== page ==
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Pyrrhonian Reflections on Knowledge and Justification$
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Robert J. Fogelin

Print publication date: 1994

Print ISBN-13: 9780195089875

Published to Oxford Scholarship Online: November 2003

DOI: 10.1093/0195089871.001.0001

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Agrippa and the Problem of Epistemic Justification

Agrippa and the Problem of Epistemic Justification

Chapter:
(p.113) 6Agrippa and the Problem of Epistemic Justification
Source:
Pyrrhonian Reflections on Knowledge and Justification
Author(s):

Robert J. Fogelin (Contributor Webpage)

Publisher:
Oxford University Press
DOI:10.1093/0195089871.003.0007

This chapter lays out Agrippa's Five Modes Leading to the Suspension of Belief as they are found in Sextus Empiricus's Outlines of Pyrrhonism. The five modes are discrepancy (differences of opinion), regress ad infinitum, relativity, hypothesis (mere assumption), and circular reasoning. In the Pyrrhonist's hands, these five modes are used (either singly or in concert) to show that any effort at justifying philosophical beliefs is bound to fail. On the contemporary scene, three of these modes, arbitrary assumption, infinite regress, and circular reasoning are set up as a challenge to be met by a theory of justification. We get various kinds of theories of justification depending on how this challenge is met.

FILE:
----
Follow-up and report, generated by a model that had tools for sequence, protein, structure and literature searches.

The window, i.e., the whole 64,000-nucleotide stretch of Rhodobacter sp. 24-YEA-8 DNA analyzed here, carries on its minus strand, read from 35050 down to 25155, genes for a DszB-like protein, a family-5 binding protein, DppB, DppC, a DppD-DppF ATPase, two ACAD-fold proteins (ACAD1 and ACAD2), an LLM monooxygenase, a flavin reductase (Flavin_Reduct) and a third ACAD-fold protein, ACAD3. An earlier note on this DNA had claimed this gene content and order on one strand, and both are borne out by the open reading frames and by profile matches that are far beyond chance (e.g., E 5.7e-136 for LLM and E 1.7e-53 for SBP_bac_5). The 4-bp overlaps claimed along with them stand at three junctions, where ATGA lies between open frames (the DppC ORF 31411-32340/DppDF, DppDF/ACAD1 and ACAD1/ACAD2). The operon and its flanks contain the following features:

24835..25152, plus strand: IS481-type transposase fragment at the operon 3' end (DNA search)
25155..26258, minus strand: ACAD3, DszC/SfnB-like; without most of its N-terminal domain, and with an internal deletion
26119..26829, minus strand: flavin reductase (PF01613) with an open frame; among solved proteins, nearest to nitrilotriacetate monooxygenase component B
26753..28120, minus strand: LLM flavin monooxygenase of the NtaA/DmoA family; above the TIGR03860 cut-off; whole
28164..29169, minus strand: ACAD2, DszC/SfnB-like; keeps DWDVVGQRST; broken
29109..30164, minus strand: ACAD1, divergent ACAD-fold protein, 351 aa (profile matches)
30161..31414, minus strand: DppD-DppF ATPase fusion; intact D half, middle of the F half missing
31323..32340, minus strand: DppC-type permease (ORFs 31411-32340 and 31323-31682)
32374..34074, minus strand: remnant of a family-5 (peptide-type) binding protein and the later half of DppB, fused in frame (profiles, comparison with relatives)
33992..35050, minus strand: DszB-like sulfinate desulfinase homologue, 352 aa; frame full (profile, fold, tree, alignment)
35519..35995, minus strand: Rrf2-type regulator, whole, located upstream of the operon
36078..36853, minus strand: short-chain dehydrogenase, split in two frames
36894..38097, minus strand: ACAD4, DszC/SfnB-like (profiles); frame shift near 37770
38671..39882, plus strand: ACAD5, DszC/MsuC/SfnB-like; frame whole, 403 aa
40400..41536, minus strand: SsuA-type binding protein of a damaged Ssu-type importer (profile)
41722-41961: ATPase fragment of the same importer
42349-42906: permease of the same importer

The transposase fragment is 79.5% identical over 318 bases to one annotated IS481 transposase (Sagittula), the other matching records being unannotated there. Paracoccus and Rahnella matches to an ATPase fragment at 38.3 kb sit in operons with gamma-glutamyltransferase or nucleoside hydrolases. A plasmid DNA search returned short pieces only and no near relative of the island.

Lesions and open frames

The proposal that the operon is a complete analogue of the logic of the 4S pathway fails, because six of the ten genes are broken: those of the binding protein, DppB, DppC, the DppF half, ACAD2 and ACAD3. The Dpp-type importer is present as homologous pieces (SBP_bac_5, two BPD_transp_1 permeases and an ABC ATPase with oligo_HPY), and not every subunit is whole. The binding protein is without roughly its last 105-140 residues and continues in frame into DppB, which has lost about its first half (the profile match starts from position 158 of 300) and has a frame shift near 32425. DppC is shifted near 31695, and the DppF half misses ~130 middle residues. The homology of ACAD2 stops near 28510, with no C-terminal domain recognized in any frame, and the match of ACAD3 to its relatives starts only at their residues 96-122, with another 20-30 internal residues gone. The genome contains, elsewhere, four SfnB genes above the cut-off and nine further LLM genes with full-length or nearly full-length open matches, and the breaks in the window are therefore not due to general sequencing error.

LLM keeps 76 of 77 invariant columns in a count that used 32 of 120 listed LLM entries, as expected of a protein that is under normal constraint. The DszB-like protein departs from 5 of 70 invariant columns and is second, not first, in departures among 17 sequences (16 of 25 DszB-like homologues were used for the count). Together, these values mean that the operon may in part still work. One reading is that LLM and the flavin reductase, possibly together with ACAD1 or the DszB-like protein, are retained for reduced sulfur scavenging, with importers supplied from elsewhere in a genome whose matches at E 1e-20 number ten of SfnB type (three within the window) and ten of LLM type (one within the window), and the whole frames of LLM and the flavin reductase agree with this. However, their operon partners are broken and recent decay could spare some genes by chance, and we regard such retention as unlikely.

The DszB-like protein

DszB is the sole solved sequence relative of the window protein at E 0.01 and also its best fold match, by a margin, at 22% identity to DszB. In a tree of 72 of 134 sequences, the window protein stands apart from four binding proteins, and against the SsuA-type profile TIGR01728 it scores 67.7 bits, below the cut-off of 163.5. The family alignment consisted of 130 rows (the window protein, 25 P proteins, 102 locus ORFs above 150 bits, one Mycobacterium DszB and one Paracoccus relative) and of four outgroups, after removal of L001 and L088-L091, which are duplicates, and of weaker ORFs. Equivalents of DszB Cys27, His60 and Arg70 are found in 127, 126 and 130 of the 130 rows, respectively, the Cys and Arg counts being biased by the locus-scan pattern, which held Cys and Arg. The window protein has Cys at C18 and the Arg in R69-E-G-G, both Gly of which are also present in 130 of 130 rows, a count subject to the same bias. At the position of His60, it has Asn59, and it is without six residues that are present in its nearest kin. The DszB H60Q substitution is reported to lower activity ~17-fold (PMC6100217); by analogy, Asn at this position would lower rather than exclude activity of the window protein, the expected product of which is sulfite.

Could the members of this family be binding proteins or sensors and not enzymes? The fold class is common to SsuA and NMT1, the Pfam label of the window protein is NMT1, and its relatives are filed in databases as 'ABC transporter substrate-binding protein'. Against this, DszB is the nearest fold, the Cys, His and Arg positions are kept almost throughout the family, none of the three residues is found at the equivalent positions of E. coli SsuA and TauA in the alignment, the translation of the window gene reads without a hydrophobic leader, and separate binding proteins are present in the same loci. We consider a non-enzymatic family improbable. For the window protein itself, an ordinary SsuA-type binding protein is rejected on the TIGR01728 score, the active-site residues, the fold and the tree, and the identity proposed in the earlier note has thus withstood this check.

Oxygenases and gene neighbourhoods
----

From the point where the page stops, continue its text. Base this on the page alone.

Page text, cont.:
Keywords:   Agrippa, circularity, discrepancy, hypothesis, infinite regress, justification, Outlines of Pyrrhonism, relativity, Sextus Empiricus

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